Fighting and firings at Canada Post

In this post, Phinneas Gage tells a story about action on the job, management retaliation, and workers’ responses.

Submitted by Recomposition on February 17, 2012

Harjit stood outside the depot in the cold for 15 minutes before anyone else arrived. He had a stack of picket signs next to him. The sticks poking out from the garbage bags the signs were packed in. They were slowly collecting snow. It was going to be a long day, at work a half hour early to get people their picket signs and whistles, eight hours of work, and then whatever overtime was coming. Sheila was the next to show up in her beat up rusty pickup truck. She walked up to Harjit, trying to pull down the last of a cigarette as she yanked one of the signs out of the garbage bag. The sign read:

“End Forceback-Hire more staff”. She smiled. Soon the parking lot was full of letter carriers, a sea of blue and red Canada Post uniforms. All of them chattering and talking, mostly about the forced overtime called “forceback” in the post office.

Harjit stood up on a mail tub saying: “I don’t live to work at Canada Post, I work here because I believe in a public post office and I need to feed and clothe my family. I’ve never heard of a job where when you are done your work they can make you work in the dark, for another two to four hours. We need to get management to stop using forced overtime to solve a staffing problem. Let’s go in there and tell management what we think!”

The crowd, armed with noisemakers and signs then pressed through the front doors of the depot. Harjit smiled and held the door for everyone as they filed in. The crowd marched through the rows of sorting cases for about ten minutes. They were chanting and making noise while management watched from their office. Eventually everyone walked to their work stations and began sorting that day’s mail. Later on Harjit joined Sheila for a cigarette, “great job Harjit, I’m glad you bottom lined this action, the speech was great too” she said, Harjit smiled. “You didn’t see because you were talking but management was watching and they look scared shitless!”

A few days later Harjit and Sheila went through the drill one more time with the row captains. “Okay, Jan you’re job is to interrupt, they know you are an activist and they will just blow off what the usual suspects have to say”, then it was Sheila’s turn. “Katie, you don’t speak up much that’s why we picked you to talk about how the forceback is affecting your childcare arrangement, they’ll listen to you because they don’t think you generally complain much”. Harjit then put the demand letter on the table, and looked at an older man, “We need you to read this letter last Bill. This works just like a formal complaint or a grievance, Jan is the interrupter, she keeps them from turning it into a management meeting, Katie provides the documentation of the problem, and Bill gives our proposal for a solution”.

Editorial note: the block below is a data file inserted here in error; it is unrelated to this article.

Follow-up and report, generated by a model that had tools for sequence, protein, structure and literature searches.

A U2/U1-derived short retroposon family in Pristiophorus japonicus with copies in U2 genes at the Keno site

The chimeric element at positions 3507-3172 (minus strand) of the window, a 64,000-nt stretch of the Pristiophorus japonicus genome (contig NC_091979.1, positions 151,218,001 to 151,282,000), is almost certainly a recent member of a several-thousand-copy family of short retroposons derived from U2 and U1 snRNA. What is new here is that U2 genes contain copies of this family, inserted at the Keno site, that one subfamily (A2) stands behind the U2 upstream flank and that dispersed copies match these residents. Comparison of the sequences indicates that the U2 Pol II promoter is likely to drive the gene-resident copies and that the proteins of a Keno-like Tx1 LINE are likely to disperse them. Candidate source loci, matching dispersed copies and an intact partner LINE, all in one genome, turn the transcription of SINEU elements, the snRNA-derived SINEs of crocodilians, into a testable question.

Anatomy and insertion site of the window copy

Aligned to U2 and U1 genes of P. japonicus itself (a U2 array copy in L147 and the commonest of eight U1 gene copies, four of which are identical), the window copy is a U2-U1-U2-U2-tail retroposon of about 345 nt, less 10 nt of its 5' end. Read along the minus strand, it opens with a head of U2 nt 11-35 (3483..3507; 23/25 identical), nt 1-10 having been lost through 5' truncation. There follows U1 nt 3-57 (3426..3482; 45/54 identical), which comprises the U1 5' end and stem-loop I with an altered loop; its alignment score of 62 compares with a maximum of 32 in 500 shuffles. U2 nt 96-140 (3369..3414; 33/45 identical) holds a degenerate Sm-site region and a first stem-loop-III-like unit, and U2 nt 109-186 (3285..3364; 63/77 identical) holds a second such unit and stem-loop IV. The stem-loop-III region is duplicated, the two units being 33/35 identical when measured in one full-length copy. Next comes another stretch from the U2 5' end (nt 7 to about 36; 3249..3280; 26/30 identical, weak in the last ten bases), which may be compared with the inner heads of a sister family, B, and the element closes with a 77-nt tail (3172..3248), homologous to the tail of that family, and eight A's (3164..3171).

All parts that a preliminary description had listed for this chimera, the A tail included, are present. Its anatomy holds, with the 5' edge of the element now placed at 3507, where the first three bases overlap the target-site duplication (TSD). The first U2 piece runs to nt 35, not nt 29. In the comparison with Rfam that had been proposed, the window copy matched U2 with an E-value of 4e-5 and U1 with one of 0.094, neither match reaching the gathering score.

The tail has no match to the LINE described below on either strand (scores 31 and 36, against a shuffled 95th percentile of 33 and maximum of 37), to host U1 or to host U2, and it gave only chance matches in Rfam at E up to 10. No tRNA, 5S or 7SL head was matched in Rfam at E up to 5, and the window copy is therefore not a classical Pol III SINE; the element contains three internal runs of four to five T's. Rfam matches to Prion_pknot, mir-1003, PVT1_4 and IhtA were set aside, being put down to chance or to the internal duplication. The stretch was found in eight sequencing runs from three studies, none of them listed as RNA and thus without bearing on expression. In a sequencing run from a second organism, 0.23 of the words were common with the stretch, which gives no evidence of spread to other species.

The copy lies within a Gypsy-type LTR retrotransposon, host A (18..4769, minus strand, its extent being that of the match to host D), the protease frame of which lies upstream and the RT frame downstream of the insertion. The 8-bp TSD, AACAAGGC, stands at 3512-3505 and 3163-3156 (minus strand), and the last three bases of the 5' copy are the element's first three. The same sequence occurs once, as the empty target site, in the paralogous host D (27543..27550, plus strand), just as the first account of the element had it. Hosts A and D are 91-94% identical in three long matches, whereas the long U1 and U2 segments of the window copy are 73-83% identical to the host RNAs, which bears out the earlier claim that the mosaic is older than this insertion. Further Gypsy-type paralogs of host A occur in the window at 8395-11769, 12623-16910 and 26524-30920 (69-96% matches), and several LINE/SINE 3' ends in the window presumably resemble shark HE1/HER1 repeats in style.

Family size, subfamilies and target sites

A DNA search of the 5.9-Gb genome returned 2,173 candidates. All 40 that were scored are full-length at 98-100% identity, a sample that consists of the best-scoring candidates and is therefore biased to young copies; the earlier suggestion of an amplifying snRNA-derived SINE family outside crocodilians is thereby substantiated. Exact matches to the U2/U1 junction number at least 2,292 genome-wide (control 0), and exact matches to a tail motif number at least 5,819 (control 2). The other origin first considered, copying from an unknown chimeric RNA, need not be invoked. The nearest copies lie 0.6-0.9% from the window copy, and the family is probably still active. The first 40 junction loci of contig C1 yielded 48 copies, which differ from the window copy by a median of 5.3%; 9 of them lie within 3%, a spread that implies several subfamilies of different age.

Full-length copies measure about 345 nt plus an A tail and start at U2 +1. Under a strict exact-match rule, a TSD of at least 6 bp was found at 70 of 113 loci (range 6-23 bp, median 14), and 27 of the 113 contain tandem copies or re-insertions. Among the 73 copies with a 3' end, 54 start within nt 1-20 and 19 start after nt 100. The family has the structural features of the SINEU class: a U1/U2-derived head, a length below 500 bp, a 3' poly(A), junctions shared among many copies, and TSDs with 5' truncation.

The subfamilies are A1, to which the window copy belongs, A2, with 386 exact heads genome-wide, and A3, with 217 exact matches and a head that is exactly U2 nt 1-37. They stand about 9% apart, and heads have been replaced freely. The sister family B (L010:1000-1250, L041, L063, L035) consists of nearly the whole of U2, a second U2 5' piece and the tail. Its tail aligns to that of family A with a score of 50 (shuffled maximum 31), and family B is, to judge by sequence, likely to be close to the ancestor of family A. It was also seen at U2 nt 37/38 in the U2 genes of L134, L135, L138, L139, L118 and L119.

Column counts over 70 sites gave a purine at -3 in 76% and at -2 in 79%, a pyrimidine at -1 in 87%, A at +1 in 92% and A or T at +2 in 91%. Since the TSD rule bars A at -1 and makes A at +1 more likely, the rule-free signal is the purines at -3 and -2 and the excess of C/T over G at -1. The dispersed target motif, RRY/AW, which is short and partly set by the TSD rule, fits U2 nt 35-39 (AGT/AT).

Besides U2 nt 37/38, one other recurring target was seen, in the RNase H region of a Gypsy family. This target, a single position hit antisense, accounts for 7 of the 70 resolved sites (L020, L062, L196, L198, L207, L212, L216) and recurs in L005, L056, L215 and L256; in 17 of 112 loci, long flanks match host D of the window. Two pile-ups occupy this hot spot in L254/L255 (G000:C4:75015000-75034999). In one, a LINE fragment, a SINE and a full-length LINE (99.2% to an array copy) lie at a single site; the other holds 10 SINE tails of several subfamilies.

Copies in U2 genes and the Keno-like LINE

When the rest of the depot arrived outside they gathered as a group with signs and noisemakers they marched through the front door just like last time. This time management’s heart sank as the large crowd marched in a straight line towards the office and confronted them.


Harjit can feel his hands shaking slightly. Today was a roller coaster day. It started with the thrill of getting a text with a link saying Canada Post was hiring hundreds of temps- their main demand. They won! As soon as word spread there was an incredible buzz on the floor as people joked and cheered. But as soon as he got to work he found the letter from Canada Post on his desk, saying they wanted a meeting with him to discuss the labour troubles in the depot. He thought about what his wife would say if he got in real trouble, a suspension could stretch the budget a bit and he was feeling pretty broke just after Christmas. What if he got fired? He didn’t even want to think about that.

“You okay man?” Sheila asked. Harjit nodded and smiled thinly as he handed the letter to her. She didn’t have to read it to know what was going on. “We’ve got your back no matter what Harj”, he nodded but felt pretty alone.


Craig held an envelope in his hand with corporate letterhead on the top left corner and Harjit’s name on it. The rise of militancy brought with it new pressures on the office. Craig was feeling it most as the local grievance officer. First off there was the very real fact that refusing overtime was a direct violation of the collective agreement, the contract was clear on this and it was not a guarantee that an arbitrator was going to agree that the overtime was a real threat to the workers health and safety. The local was always a combative one but the local union officials always carried themselves with an air of professionalism. They knew that it was the offices job to cut a deal that would make the workers happy. Craig was worried about what would happen between the union and management over the long term if they couldn’t make a deal.